Columbia Grain International Discusses Soaring Commodity Prices and its Impact on American Farmers

May 28, 2021

It’s a wild ride in the commodity market these past couple of months and the rally continues for corn, wheat and soybeans. 

Columbia Grain International (CGI) is a global leader in the origination, processing, logistics, and distribution of high-quality bulk grains, pulses, edible beans, oilseeds and organics. CGI works with a network of 8,000 producers in the northwestern United States to ensure their crops find a home in both domestic and worldwide export markets. 

Kurt Haarmann is Senior Vice President of Columbia Grain International’s Grain Division and explains some of the factors behind these soaring prices.

"It's been a wild ride the last few months," said Haarmann. "And in a word, the story is China. They've been back in the global market in a big way as a buyer over the last six months, they've been on a post-Covid and post-African Swine Fever buying spree of corn and soybeans. In addition, we've had the edible oil markets make record highs in a few instances driven by biofuel consumption and a shortage of supply."

For farmers like Casey Hoverson of Larimore, North Dakota the rally is long overdue and offers this marketing advice for other farmers.

"Mainly just have a good number that you feel like you're going to make a profit out that you're comfortable with," said Hoverson. "I'd say sell on days when you're happy to sell, more than days when it's going down and you feel bad about it. You just need to pick a number and and not try to shoot for the highs. As most farmers know, once it keeps going up every day you want to sell and then when it starts going down, you think it's going to come back and then you never sell. So, you just kind to kind of pick a number where you think that you're making a profit and a good enough return where you're rewarding yourself, especially on a year like this, where the prices are up enough."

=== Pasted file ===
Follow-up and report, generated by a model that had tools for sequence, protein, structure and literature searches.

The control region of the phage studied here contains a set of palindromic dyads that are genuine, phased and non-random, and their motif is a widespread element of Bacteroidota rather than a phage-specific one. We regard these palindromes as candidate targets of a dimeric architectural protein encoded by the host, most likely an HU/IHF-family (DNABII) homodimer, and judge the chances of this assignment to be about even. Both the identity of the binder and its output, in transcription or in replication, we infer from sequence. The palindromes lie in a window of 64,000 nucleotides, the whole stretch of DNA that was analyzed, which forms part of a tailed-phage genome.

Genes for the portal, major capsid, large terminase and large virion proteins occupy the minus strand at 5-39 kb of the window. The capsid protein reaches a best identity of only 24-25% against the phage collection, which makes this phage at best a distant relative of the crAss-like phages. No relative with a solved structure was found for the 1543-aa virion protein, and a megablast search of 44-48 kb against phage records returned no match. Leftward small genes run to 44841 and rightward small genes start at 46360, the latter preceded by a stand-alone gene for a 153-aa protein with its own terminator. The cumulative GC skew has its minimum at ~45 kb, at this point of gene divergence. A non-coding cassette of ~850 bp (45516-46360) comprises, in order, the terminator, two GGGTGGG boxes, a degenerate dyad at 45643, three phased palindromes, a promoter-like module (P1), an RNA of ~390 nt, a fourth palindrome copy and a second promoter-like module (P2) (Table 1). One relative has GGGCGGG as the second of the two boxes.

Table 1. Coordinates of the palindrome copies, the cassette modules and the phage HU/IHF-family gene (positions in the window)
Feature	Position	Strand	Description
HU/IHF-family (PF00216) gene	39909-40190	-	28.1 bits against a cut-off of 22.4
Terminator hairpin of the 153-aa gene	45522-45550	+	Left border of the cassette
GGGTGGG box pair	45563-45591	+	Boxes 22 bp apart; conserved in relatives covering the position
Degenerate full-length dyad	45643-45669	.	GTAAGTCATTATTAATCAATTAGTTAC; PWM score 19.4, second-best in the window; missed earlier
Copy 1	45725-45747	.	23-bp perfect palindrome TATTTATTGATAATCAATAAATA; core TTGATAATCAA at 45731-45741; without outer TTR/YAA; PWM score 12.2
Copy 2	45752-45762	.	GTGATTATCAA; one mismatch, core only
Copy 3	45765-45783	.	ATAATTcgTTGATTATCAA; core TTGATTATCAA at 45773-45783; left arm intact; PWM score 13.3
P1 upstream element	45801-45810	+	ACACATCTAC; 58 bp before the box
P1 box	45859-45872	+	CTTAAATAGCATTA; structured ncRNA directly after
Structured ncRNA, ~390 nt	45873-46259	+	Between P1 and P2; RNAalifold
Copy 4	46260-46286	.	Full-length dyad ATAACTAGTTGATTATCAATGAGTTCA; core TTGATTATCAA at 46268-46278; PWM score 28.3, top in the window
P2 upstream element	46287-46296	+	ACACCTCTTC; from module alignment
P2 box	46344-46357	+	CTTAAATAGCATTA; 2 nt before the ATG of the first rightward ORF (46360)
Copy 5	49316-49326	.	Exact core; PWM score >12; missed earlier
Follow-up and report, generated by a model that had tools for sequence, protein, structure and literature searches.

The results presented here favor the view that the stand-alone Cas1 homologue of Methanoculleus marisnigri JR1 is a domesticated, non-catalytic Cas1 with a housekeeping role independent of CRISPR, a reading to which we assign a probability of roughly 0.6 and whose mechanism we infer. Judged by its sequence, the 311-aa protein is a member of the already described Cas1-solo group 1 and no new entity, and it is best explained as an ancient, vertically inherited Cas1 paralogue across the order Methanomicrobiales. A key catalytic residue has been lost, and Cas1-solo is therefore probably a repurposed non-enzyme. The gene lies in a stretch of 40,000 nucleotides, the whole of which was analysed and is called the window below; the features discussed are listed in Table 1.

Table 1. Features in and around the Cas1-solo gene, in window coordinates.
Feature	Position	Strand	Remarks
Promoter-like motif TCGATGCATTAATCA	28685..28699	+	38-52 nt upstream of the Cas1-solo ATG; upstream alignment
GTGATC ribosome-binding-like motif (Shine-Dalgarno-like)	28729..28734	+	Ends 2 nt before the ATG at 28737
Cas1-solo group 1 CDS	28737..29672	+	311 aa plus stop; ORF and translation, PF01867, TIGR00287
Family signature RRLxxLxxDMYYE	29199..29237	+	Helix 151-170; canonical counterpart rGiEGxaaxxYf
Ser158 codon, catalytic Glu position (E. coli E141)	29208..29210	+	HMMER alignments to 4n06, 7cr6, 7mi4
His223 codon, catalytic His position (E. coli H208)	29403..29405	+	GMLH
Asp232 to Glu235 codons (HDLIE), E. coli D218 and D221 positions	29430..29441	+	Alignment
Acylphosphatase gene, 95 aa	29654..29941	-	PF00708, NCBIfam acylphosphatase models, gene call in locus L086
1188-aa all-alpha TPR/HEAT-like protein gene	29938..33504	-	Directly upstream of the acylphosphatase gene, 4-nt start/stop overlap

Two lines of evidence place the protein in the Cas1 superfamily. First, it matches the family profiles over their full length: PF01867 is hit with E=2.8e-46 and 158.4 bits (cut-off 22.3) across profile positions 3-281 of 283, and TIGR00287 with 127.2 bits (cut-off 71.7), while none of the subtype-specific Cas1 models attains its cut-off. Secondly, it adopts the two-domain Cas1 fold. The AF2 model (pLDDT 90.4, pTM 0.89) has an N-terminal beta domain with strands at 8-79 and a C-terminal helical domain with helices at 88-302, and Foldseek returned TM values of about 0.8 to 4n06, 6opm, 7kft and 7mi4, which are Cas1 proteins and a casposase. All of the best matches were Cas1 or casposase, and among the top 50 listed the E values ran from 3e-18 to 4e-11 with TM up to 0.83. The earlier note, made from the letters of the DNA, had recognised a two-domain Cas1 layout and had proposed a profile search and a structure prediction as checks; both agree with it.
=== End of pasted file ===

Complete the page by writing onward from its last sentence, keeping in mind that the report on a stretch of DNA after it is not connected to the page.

With farmers taking advantage of these higher prices and selling their commodities. Harmann says that Columbia Grain is working hard to make sure their deliveries are met.

"At Columbia Grain, our mission is to safely cultivate high quality ingredients from our local farmers to nourish the world," said Haarmann. "And to do that, we have to keep our sales program in step with our producers needs so we can ensure adequate space for delivery. We rely on our network of location managers to communicate the needs of our growers to our merchandising staff and to make sure we're keeping that opportunity in front of.

These higher commodity prices-which by the way are at 8-year highs-are also providing a much-needed boost to small town businesses here in Rural America who also depend on the success of our farmers and ranchers.

Source: Columbia Grain International & Montana Ag Network & Western Ag Network